M A I N   N E W S

Pervez hints at holding three rounds of talks
K. J. M. Varma

Islamabad, January 10
Ruling out chances of Islamabad accepting LoC as border to resolve the Kashmir issue, President Pervez Musharraf has indicated the holding of three rounds of talks between India and Pakistan at Foreign Secretary level, beginning next month, to work out a step-by-step approach to discuss Kashmir and other matters.

“We have neither accepted the idea of making the LoC a permanent border before nor is there any question of accepting it in future talks with India,” he reportedly told leaders of Pakistan-occupied Kashmir (PoK), while apprising them of his meeting with Prime Minister Atal Bihari Vajpayee.

Musharraf also admitted that the methodology for the talks agreed by the two countries at the meeting between him and Vajpayee was “a re-enactment of the Lahore process,” according to the resume of the President’s meeting on Thursday with PoK leaders, published in local daily Dawn today.

Musharraf told the Kashmiri leaders that as per the understanding reached during the recent political contacts between the leaders of the two countries, India and Pakistan have agreed for a “step-by-step approach” under which there would be “three crucial Foreign Secretary-level rounds of talks” between the two countries starting next month.

In the run-up to the proposed composite talks in February, different groups will be set up at the lower official level to discuss matters pertaining to trade, people-to-people contact, etc.

Musharraf told the leaders that during his meeting with Vajpayee Kashmir problem was not discussed, as both sides first had to make up their minds over the issue.

One Kashmiri leader said he believed Pakistan also decided to look for solution to Kashmir issue without insisting on the “division” of Jammu and Kashmir on religious lines.

The unidentified Kashmiri leader also quoted the President as having said that during the second round of composite dialogue, the question of reducing Indian troops in Jammu and Kashmir would also be addressed.

“And if that does not happen, there would be no point in holding talks, and also it would become difficult to start the bus service between Srinagar and Muzaffarabad,” he quoted Musharraf as saying.

Musharraf said international players involved in facilitating Indo-Pak talks had been told in “unequivocal terms” that Islamabad should not be expected to even consider making the cease-fire line a permanent border, let alone accepting it. — PTI 


Pakistan tightens anti-terrorism law
K.J.M. Varma

Islamabad, January 10
Within a week of committing itself along with other SAARC countries to eliminate terrorism in all forms and manifestations, Pakistan today tightened its anti-terrorism law enhancing punishment upto 10 years and making financing of terrorist activities a non-bailable offence.

The amendments in the Anti-Terrorism Act of 1997 were approved at a Cabinet meeting chaired by Prime Minister Zafarullah Khan Jamali here.

Giving details of the amendments, Information Minister Sheikh Rashid Ahmad told reporters that any individual or entity involved in financing of terrorism shall be punished with rigorous imprisonment ranging from four to 10 years.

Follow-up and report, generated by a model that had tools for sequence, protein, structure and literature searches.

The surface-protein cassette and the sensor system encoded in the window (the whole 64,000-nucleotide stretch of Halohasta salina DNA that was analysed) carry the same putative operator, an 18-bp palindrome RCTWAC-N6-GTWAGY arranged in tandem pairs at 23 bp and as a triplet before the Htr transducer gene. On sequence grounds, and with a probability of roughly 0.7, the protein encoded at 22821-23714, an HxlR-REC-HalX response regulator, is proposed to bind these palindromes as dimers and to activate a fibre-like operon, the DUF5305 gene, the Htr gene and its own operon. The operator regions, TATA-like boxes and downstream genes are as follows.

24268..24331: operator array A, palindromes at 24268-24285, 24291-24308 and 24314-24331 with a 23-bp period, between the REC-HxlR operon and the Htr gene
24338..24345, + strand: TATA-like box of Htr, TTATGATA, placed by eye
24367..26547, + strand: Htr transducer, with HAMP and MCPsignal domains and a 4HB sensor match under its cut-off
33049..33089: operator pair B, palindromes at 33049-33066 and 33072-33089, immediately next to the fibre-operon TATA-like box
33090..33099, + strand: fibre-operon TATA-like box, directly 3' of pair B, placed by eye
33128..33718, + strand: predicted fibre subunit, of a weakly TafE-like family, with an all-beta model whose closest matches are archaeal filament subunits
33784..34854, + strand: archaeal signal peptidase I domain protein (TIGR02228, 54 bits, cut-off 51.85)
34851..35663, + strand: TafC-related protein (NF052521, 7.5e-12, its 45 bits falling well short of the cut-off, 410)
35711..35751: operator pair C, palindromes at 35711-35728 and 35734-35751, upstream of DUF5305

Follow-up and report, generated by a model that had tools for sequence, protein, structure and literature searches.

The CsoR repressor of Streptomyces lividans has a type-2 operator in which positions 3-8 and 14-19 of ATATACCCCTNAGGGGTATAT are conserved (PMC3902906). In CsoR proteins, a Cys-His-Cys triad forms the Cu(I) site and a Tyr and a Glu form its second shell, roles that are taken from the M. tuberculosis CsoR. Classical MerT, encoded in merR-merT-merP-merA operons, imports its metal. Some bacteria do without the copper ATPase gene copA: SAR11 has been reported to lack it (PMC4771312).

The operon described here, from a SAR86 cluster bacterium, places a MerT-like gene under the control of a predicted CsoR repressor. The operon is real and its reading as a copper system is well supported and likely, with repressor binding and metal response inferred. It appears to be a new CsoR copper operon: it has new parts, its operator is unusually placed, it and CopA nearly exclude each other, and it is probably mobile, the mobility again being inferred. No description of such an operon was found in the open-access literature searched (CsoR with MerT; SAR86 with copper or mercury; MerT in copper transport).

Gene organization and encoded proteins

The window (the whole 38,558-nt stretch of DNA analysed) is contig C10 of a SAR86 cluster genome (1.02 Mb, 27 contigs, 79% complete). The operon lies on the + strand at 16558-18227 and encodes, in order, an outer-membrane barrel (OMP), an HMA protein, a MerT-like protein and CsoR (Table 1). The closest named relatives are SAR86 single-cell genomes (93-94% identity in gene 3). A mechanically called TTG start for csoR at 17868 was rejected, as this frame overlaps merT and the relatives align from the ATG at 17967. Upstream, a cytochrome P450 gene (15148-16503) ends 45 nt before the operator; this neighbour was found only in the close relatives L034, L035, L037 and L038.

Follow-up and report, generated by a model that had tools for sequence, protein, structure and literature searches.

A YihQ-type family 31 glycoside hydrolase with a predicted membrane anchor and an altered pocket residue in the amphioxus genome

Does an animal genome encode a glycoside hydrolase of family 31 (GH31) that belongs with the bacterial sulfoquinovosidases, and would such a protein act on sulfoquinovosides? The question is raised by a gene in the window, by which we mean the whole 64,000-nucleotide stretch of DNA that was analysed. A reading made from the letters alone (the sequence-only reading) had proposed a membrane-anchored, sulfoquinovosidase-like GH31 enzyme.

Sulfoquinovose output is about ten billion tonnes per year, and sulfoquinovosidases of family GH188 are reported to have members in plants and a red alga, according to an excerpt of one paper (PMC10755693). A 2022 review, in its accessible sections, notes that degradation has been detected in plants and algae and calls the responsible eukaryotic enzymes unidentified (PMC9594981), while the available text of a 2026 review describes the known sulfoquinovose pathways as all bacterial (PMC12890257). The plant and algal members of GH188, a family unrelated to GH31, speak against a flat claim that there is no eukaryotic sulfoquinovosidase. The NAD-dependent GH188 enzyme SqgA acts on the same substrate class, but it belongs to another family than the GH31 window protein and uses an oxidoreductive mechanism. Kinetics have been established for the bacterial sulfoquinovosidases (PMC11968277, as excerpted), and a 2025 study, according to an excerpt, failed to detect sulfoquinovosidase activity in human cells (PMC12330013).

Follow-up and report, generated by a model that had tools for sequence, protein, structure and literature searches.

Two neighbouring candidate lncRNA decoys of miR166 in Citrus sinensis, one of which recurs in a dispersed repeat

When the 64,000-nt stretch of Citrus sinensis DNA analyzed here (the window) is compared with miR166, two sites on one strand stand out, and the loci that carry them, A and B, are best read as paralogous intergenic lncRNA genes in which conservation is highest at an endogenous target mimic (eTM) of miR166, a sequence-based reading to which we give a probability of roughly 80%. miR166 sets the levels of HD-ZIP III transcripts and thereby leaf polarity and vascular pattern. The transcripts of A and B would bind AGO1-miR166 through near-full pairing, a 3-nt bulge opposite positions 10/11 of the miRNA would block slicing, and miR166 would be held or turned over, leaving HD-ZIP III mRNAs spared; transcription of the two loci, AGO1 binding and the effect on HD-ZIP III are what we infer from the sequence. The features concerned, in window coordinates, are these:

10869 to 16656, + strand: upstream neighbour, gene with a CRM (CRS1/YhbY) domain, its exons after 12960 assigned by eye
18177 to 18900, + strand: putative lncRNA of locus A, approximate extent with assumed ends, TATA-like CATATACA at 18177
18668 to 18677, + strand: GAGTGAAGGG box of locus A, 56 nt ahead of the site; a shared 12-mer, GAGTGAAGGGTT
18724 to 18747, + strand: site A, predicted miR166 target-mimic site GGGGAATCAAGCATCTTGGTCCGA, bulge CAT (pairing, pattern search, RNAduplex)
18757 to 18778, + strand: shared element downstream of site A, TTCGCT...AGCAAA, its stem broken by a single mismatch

Financing of terrorism shall be non-bailable offence and also societies and other institutions which have a potential to act as conduits for such financing shall be obliged to establish bank accounts and maintain information about their employees and clients, failing which they will face fine and revocation of license, according to the amendments.

The amendments were carried out in line with the UN regulations formulated after the September 11 terrorist attacks on the USA, Ahmad said.

The government took the steps after Pakistan along with other SAARC countries last Tuesday signed an Additional Protocol on the Convention on Terrorism, pledging to eliminate the menace in all forms and manifestation in the region and to deal effectively with financing it. — PTI


Pak may reopen consulate in Mumbai

Islamabad, January 10
At a meeting with MQM parliamentarians, President Pervez Musharraf has said the ongoing confidence building measures between Pakistan and India could result in reopening of consulates in each others' countries in Karachi and Mumbai and opening of the road link between Khokhrapar in Sindh province and Rajasthan.

"President assured us that the government would consider opening of Khokhrapar border whenever there is exchange of more CBMs between India and Pakistan," MQM MP Farooq Sattar, who attended the meeting at Rawalpindi, told reporters here last night.

According to Pakistan news agency PPI, Musharraf also assured the Muthahida Quami Movement parliamentarians that the CBMs could result in reopening of the consulates in Mumbai and Karachi.

The consulates were closed in 1992 following a dispute between the two countries over Jinnah House in Mumbai.

"We are all set to hold composite dialogue with Indian leadership over the matter and deliberations to start ferry service between Mumbai and Karachi are going on," the MQM leaders quoted Musharraf as saying.

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